RABBIT RAMBLINGS: Reuniting and continuing the fight

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bioline_Chizu OmoriAs we slowly come out from the pandemic lockdown, I’m sure that everybody is heaving a big sigh of relief and doing things that were forbidden for so long. And looking back at that period when one couldn’t travel, have gatherings or run around doing ordinary things, what could we do? Well, we learned to hold Zoom meetings, “see” friends and family on our computer screens, have events and spend more time writing e-mails and making phone calls.

The miracle of Zoom was that we could hold meetings to include people from everywhere. We could maintain communications with everyone who wanted to participate.

Tsuru For Solidarity had to postpone going to Washington, D.C. to protest government immigration policies separating families and messing up the asylum program. We used our own incarceration history as an example of our government totally ignoring our laws and principles to persecute a racial minority during World War II. Our slogans were “Stop Repeating History,” and “Never Again Is Now.” Our community was speaking out, using our moral authority to protect other minority groups, to combat racism, and I believe, protect Democracy. Surprisingly, we were heard. The media showed up and recorded our activities.

Well, we couldn’t travel, and yet, we accomplished a great deal. We had various local rallies at detention centers, jails and other venues, using our folded tsuru (cranes) as symbols of our organization and our calling attention to the issues. The giant tsuru were particularly dramatic; a big shout out to everyone who made them and built the items to mount and display them.

And look at all the virtual pilgrimages, those that have already happened or will take place in the next couple of months. These events reach out far and wide, and most of them are rich events involving many characters and planners, telling our stories and informing the world about our history. I never thought our incarceration story would gain such attention and play a role in informing the current state of racial issues. It is so gratifying to see so many younger people getting involved and dedicating so much passion to all of these activities.

Something else that grabs my attention is that Japanese Americans are getting involved in the issue of Black reparations. Back in the days of the redress campaign, I remember how many members of Congress didn’t want to support redress because they felt that it would open doors for other groups to start considering their histories and to demand redress. I myself feel that our winning redress was a major precedent. It forced Americans to confront at least one part of our racist past and to own up to the reality that people were greatly wronged, and they deserve a hearing and a reckoning.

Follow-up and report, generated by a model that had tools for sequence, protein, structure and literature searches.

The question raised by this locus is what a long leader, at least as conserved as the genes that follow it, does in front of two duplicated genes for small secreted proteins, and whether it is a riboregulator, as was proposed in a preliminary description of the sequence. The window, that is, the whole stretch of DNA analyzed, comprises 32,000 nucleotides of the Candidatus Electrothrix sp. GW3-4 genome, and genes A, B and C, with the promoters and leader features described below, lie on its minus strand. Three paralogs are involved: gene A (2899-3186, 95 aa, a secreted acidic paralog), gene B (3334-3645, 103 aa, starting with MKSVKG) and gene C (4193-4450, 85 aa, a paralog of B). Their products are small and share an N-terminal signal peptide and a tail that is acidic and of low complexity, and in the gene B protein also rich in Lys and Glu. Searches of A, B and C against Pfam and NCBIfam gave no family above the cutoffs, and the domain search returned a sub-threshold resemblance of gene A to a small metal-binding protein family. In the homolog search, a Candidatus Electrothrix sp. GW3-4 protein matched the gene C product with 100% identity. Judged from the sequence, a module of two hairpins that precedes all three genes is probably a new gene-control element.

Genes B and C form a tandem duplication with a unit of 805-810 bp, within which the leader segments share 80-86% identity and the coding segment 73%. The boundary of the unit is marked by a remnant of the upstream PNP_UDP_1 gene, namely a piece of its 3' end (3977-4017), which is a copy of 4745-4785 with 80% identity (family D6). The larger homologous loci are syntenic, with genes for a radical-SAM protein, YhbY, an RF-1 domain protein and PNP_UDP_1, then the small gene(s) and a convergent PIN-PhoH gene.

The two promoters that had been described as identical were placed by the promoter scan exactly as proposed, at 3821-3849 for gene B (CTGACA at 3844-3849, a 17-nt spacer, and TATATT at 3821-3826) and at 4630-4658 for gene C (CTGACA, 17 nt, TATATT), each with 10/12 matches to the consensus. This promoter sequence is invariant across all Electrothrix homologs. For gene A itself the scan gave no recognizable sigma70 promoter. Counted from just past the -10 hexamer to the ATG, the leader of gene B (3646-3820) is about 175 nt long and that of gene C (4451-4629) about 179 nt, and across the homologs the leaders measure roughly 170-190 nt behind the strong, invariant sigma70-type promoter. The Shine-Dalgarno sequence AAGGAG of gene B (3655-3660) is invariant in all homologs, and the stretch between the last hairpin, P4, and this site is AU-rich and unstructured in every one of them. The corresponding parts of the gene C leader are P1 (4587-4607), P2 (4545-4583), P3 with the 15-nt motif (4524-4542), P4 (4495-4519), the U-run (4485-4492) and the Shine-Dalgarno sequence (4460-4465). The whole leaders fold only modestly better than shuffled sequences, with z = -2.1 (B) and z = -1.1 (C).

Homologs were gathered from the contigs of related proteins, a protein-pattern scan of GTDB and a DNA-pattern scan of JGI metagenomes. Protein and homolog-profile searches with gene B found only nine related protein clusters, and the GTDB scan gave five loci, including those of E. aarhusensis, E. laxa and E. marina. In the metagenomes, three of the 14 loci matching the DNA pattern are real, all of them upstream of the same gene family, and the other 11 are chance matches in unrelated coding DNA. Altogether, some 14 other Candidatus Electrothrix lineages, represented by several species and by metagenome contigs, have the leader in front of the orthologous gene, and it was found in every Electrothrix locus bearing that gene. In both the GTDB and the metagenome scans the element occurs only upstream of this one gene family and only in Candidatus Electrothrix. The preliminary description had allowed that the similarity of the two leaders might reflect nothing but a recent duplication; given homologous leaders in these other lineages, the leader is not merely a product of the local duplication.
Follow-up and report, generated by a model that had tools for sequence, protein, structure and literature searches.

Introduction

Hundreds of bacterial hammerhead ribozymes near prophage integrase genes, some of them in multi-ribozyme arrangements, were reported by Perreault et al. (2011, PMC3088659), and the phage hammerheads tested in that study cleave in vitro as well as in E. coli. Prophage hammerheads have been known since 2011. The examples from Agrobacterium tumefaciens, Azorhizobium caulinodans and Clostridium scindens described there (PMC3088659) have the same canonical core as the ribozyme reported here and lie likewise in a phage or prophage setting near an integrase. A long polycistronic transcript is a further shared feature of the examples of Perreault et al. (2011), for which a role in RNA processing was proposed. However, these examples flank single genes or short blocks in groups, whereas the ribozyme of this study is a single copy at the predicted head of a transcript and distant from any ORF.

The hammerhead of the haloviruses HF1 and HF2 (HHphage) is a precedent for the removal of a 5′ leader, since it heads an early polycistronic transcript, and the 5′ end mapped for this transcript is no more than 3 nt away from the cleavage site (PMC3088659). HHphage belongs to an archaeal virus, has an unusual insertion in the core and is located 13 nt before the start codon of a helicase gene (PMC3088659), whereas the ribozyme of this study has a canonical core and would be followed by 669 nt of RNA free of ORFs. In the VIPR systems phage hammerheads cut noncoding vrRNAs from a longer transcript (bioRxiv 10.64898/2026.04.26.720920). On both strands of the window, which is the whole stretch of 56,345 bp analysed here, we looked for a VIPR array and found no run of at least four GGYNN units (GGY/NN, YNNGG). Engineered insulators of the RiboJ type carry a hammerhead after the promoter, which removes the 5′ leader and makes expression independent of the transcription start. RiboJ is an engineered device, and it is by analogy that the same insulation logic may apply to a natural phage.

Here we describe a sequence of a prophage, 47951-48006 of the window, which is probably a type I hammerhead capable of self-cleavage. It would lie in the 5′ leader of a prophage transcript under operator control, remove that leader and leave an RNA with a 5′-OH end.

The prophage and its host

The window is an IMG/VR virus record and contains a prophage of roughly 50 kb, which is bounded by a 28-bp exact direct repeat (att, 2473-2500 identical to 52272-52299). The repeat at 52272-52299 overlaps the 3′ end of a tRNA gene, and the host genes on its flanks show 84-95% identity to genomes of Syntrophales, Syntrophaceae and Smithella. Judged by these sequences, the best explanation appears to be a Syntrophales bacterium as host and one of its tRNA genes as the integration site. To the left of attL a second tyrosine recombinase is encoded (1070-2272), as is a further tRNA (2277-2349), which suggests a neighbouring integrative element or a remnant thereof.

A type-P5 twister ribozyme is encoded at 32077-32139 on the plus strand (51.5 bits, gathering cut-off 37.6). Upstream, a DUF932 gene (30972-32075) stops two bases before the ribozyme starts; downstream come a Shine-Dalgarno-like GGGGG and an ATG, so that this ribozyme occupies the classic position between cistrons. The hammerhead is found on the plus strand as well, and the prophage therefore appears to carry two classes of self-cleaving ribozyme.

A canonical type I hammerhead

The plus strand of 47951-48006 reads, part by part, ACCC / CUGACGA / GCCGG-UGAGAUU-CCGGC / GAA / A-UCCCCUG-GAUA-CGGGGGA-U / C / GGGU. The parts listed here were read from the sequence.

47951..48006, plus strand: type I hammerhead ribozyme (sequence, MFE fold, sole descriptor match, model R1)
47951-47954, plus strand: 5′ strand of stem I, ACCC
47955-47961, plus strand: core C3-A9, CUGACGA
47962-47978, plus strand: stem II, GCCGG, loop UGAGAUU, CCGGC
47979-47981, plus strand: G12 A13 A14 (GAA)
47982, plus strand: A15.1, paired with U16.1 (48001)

In looking at other parts of our racist history, it turns out that our past is so bloody and cruel that it is difficult to face. Learning the details is hard, but necessary, and has shaped what this country is today. Another part of our history is that there have always been people who knew and cared deeply about these situations, who protested the institution of slavery and who believed in the fine sentiments expressed in our founding documents. It is a simple idea of being fair. We would never have come as far as we have without large segments of the population working and contributing in many ways to the struggle against racism. Many white people risked and lost their lives in these conflicts.

I think if we totaled up all the non-whites in this country and the individuals in the white part of the population who truly believe in justice and equal rights, we would constitute a majority. That’s what Helen Zia said in her remarks about the rise of anti-Asian hate April 8 at a University of California, Berkeley Center for Race & Gender event. We truly are the majority and we need to flex our muscles, use our voices, and harness the power that can come from our coming together. Can we make a multicultural, multiracial and multiethnic country work for the benefit of all? I believe we must try, because we are all in it together.

Chizu Omori, of Oakland, Calif. is co-producer of the award-winning film “Rabbit in the Moon.” She can be reached at chizuomori@gmail.com. The views expressed in the preceding column are not necessarily those of the Nichi Bei Weekly.

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